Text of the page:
“This is allies and future allies saying, would it payoff to ever stay with America when we do this?” Kilmeade said on “Outnumbered.”
Kilmeade said that the Syrian Kurdish fighters, whom the U.S. armed and advised as they defeated ISIS forces, are "unprotected" in the area against Turkish forces.
Meantime, ISIS fighters and other terrorists comprising more than 10,000 Islamic militants jailed in northeast Syria could launch a mass prison break, Syrian Kurdish fighters warned Monday.
The imminent cross-border military operation pitting Turkey against the Syrian Kurds -- a group Turkish President Recep Tayyip Erdogan views as terrorists amid a bloody Kurdish insurgency plaguing his country -- is likely to further destabilize an already volatile area and has already led Kurds there to accuse the U.S. of abandoning them.
“We’re going to be right back there,” Kilmeade said, noting that U.S. commanders were reportedly surprised by Trump's decision.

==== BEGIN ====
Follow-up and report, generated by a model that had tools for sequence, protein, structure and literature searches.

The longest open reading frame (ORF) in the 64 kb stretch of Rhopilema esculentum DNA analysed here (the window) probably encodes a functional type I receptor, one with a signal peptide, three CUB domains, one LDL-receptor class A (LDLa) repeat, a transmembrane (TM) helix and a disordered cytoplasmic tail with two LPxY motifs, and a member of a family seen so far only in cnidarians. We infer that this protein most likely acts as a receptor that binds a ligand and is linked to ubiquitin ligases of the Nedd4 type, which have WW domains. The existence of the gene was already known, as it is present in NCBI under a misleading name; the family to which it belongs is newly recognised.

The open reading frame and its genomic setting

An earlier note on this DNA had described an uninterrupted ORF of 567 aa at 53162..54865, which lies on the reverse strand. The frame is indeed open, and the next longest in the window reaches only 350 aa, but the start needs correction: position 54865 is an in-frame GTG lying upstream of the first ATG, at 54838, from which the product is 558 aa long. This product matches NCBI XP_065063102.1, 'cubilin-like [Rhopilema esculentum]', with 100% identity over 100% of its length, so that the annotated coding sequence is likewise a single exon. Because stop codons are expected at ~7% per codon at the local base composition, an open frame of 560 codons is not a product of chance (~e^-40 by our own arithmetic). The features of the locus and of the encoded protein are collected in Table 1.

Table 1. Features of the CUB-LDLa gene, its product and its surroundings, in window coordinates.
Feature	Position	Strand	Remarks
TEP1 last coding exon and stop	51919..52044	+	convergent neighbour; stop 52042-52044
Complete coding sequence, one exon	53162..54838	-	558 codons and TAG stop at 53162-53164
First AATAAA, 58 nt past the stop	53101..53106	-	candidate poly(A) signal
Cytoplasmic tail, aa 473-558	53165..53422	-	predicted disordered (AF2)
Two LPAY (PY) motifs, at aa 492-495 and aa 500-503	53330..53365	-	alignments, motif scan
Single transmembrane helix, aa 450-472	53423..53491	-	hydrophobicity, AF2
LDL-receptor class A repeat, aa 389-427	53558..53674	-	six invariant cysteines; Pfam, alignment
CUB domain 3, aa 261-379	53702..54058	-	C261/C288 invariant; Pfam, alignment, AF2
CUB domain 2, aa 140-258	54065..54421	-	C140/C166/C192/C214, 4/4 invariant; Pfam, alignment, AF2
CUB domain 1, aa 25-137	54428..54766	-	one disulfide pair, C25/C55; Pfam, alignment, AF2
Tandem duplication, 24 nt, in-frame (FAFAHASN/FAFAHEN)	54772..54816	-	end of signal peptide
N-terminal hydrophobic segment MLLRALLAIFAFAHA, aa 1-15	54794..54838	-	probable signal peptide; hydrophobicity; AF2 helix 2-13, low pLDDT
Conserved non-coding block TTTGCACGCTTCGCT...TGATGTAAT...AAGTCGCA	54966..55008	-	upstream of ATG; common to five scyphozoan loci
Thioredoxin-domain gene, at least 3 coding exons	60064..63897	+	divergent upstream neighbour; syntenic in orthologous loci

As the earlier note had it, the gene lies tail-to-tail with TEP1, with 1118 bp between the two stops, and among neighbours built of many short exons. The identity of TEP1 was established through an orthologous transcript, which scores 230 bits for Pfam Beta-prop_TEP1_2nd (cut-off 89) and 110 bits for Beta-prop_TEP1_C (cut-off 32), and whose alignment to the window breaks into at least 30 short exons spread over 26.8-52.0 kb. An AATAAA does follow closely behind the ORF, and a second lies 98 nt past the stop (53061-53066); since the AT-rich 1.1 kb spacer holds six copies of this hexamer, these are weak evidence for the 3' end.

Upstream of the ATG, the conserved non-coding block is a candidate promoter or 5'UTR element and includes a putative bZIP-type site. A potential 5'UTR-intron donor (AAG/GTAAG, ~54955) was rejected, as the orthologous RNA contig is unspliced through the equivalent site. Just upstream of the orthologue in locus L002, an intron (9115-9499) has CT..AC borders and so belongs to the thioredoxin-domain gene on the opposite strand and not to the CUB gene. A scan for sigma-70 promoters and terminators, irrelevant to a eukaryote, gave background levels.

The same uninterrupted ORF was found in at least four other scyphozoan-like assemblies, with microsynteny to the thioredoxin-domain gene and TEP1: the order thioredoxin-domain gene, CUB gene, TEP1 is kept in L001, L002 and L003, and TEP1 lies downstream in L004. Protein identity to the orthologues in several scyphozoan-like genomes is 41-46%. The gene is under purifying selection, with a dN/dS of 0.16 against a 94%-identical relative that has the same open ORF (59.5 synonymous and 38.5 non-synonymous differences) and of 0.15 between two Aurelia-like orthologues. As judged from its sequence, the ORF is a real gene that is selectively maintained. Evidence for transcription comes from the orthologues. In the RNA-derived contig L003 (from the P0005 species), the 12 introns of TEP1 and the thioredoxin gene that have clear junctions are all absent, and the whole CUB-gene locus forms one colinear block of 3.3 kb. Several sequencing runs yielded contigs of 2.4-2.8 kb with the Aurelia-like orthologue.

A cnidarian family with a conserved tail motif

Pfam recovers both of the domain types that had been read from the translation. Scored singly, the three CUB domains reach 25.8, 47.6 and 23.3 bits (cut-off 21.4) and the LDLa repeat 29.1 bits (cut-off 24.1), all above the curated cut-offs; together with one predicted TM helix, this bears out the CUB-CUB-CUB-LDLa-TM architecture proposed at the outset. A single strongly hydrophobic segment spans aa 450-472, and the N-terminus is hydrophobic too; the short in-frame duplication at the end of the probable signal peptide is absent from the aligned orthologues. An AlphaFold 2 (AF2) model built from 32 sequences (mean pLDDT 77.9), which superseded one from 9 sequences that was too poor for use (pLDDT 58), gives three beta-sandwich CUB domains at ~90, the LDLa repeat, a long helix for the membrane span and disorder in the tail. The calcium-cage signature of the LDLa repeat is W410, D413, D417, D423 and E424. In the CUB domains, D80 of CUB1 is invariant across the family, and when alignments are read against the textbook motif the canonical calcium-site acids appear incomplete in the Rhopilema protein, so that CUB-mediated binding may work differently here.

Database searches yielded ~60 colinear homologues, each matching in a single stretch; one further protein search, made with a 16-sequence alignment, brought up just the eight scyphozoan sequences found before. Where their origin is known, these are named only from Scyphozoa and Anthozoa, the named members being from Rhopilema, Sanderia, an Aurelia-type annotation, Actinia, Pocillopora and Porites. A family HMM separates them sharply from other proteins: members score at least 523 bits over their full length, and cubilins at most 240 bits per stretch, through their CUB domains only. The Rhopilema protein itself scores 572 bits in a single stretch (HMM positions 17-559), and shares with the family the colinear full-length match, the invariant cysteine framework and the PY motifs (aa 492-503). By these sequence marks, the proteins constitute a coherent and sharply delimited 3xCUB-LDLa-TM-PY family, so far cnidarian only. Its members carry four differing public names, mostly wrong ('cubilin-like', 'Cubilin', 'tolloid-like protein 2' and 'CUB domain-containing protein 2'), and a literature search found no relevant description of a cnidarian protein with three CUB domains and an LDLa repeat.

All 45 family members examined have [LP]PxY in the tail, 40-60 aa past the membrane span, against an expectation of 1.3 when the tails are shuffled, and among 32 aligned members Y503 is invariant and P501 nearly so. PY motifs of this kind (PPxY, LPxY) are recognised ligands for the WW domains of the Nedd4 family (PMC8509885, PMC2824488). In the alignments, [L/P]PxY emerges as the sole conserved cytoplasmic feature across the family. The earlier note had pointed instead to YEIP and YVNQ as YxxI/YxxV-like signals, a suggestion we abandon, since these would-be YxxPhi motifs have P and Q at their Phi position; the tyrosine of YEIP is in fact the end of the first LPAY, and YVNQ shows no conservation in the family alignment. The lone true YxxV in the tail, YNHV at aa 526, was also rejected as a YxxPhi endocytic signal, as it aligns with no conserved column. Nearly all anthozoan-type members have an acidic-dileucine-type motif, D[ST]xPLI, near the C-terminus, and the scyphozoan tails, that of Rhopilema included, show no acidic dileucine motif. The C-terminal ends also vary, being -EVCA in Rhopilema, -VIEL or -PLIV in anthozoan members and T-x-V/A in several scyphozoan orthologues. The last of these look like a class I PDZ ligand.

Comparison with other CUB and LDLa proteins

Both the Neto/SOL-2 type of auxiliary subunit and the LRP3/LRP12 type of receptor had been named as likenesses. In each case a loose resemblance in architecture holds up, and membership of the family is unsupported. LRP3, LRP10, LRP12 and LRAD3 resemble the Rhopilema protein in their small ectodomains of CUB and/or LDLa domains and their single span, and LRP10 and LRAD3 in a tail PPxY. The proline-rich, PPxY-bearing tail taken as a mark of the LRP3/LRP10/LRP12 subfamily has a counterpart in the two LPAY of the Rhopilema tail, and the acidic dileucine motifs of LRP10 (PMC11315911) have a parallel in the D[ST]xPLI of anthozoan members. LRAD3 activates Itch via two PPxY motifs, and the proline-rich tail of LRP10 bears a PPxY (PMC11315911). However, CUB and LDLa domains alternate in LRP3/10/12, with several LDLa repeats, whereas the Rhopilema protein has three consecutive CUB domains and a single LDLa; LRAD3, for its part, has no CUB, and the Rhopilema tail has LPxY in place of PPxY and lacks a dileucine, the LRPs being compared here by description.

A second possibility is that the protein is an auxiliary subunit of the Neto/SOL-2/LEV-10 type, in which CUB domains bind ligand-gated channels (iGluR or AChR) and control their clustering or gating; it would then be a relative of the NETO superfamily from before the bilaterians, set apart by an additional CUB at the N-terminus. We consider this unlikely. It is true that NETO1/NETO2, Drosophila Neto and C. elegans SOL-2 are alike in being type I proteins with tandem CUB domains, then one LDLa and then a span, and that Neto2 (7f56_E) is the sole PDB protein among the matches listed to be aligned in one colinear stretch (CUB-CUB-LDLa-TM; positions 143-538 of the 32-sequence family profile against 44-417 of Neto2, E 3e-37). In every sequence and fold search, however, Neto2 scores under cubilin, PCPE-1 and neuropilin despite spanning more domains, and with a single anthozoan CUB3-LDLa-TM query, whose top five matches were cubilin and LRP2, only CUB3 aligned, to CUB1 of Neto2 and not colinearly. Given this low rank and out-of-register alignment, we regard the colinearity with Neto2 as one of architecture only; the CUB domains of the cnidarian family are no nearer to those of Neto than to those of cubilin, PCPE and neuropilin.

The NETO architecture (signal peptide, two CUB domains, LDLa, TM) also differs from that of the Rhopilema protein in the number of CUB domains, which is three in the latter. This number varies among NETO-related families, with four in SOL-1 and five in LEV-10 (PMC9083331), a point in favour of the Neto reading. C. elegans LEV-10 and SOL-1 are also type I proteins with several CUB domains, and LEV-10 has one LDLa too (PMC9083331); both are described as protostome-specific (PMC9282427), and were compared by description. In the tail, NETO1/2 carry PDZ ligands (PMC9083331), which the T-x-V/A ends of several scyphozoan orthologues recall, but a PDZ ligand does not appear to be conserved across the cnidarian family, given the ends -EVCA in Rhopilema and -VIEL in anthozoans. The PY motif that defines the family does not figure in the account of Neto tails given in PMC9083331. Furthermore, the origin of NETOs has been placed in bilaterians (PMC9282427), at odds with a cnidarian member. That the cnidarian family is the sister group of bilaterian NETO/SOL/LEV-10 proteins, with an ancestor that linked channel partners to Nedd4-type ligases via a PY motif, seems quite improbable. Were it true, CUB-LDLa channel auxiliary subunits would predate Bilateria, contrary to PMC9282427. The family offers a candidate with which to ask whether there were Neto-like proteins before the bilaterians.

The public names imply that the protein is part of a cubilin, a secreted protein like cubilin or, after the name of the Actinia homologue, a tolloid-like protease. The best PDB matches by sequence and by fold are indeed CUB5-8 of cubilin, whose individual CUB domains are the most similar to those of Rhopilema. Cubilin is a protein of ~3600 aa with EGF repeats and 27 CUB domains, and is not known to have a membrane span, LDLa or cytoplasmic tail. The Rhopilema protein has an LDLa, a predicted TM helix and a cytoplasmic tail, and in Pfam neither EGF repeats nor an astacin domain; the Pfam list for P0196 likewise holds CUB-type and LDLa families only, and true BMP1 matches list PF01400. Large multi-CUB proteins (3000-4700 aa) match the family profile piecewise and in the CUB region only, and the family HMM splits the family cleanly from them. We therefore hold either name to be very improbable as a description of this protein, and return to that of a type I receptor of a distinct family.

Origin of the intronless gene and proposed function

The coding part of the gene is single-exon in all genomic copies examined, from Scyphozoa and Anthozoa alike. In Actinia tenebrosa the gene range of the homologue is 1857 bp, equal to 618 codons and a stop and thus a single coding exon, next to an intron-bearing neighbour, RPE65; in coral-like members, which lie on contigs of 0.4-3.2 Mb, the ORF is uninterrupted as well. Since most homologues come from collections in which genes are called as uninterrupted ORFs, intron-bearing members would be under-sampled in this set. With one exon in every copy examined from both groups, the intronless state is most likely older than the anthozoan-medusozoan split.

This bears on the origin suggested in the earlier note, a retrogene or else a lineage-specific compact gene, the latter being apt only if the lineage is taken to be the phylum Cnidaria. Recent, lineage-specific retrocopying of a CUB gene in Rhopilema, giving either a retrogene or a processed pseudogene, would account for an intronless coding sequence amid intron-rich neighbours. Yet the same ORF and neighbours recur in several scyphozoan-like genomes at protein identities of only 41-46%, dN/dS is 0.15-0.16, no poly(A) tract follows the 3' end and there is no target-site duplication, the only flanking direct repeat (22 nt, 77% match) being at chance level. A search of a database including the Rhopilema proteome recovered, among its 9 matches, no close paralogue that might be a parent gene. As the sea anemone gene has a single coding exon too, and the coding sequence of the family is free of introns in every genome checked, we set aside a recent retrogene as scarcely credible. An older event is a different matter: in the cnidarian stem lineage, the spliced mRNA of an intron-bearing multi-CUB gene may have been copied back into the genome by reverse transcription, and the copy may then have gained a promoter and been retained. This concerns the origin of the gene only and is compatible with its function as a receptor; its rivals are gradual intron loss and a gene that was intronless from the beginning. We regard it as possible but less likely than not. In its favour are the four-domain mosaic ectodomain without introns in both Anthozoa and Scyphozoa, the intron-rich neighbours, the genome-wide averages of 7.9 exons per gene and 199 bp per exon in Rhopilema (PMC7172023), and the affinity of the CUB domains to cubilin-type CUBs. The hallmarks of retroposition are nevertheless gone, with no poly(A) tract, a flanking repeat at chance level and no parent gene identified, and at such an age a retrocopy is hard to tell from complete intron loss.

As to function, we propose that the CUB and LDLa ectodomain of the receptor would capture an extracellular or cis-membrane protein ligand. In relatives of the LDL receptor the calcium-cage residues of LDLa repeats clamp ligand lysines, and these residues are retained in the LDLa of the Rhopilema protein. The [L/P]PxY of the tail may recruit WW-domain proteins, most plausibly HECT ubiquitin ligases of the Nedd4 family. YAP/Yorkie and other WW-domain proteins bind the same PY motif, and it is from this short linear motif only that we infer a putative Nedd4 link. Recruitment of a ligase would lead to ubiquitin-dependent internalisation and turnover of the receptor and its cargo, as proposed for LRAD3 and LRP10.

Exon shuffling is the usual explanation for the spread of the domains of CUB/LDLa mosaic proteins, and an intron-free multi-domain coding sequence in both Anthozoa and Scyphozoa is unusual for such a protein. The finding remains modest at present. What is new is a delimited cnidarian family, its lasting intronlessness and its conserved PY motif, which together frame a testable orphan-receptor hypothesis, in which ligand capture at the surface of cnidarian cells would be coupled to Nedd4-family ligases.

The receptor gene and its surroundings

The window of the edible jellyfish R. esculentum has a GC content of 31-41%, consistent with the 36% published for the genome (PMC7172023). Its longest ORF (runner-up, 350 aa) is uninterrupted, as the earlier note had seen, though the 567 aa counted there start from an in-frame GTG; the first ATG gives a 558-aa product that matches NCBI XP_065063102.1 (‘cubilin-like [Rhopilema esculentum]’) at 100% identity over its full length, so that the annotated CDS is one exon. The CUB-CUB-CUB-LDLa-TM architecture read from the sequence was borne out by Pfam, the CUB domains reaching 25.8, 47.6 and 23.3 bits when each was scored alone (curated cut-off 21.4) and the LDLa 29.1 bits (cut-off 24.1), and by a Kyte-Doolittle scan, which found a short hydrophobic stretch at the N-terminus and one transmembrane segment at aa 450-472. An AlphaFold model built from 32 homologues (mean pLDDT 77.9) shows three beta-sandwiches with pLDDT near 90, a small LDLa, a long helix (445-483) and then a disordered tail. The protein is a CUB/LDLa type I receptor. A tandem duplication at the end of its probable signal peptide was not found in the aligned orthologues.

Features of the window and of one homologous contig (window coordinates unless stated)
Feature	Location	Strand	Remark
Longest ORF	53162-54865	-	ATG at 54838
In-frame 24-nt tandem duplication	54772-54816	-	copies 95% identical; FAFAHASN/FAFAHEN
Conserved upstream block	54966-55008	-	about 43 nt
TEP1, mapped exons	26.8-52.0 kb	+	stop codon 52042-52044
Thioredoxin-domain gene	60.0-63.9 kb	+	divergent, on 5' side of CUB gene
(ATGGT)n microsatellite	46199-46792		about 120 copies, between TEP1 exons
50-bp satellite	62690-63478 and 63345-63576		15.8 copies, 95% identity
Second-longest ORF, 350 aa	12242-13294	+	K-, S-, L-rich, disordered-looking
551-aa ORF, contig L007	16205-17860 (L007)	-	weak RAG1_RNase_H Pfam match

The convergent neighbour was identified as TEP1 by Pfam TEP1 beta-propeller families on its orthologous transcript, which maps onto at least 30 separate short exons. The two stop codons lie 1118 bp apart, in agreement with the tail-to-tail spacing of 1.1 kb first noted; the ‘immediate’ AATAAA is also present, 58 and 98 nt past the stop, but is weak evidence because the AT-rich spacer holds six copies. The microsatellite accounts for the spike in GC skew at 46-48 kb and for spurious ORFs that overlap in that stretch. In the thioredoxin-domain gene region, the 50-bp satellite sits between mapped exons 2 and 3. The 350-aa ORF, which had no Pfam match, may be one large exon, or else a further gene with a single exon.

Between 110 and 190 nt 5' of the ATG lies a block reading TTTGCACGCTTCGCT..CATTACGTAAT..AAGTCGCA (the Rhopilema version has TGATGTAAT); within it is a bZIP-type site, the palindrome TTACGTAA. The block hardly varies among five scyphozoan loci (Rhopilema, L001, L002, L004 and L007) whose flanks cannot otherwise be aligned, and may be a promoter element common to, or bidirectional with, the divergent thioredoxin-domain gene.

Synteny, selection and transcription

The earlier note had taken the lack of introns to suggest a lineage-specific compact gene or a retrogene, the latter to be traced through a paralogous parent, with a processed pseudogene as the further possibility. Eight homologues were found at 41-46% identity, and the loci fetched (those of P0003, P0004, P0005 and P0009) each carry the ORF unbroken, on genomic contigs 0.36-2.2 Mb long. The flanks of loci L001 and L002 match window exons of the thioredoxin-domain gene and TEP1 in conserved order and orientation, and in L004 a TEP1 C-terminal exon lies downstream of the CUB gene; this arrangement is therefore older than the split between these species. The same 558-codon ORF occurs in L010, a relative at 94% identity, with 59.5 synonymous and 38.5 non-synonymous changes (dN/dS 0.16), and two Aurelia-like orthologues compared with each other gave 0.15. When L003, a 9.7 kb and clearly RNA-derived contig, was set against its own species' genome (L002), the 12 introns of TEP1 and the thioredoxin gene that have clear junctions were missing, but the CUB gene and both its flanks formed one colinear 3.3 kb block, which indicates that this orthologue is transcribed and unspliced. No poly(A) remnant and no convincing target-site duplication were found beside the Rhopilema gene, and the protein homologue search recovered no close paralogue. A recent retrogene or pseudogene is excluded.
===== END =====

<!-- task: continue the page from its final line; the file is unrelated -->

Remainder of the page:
"They never thought something so ill-advised would be done by a president who has so much respect among military men and women."
U.S. troops have fought alongside the Syrian Kurdish fighters for years in the successful effort to topple ISIS' so-called caliphate that put the terror group in control of huge swaths of Syria and Iraq. But now, the 1,000 or so American troops left in the northern part of the country will begin pulling back as Turkish forces push ahead.
Aside from the existential threat to the Kurdish fighters posed by Turkey, Syrian Kurdish forces are also warning that ISIS sleeper cells are actively plotting to free about 12,000 militants currently detained by the Kurds and may take advantage of the Turkey-triggered turmoil to aid their plans.
The U.S., which has helped the Syrian Kurds keep watch over the prisoners, said in a statement late Sunday that Turkey will now take custody of the thousands of militants.
Fox News’ Greg Norman contributed to this report.